You have to have some real plan of attack set up to occupy yourself in retirement. Know what you want to do with yourself before you retire. That’s essential. If you have no hobbies, then you probably won’t be happy sitting at home doing nothing. Doing nothing isn’t what retirement is all about. Especially early retirement!

3. Will you travel?

Some people sell their homes and downsize while others sell and invest in something like an Airstream trailer and travel around the entire country. If that’s you, keep in mind that you will need both shelter and money if you try it out. Perhaps try renting the travel home first before you spend $200,000 on one?

4. Keeping healthy and fit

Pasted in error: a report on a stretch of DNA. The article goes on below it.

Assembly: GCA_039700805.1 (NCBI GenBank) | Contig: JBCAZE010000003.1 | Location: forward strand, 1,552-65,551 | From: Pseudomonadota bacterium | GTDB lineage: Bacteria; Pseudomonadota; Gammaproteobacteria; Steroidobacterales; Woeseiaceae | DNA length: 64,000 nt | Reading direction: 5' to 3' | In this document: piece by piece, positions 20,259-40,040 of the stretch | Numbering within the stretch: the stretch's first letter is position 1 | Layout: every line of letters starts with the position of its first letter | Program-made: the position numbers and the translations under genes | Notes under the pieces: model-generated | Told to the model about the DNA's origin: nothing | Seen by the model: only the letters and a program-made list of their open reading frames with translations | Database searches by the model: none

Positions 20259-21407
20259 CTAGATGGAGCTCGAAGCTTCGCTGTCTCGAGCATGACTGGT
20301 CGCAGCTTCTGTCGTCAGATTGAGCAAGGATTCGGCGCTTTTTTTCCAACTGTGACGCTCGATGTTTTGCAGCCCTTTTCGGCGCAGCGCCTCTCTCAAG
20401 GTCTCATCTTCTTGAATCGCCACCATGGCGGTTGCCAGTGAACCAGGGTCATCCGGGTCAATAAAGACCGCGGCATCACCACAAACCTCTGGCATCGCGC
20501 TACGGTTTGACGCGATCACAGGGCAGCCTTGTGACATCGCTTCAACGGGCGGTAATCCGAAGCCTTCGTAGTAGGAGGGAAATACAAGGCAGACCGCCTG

Wow, here is the big one. You’re 30 and retiring and you are in great shape and fit— congratulations. Now what about at age 40, 50, 60, or older? Chances are you aren’t going to be 100% in tip top shape, so you need some kind of plan and some kind of insurance. A chunk of your money typically will get used on medical care and insurance premiums increasingly as you age. My wife and I spend about 30% of our annual expenses on healthcare related costs—and that’s multi-thousands of bucks. Bucks that some people think will go to travel, dining out, and other fancy expensive things. Not true for most and probably not you either. Be prepared before you have to be.

$1 Million at Retirement Is Nothing and You’ll Probably Need Way More (especially if you are young when you do it!)

Think about this, too. It’s 2020 and you are going to be 35 next year when you “retire”. You have a million bucks on hand. What will that money be worth in say, 10, 20, or 30 years? Probably a lot less than a million and oh my, here it is…everything will cost more than it does today! Even at 2% inflation, prices will go up 60% on average over the next 30 years. A car will cost on average over $56,000 or more in 2050.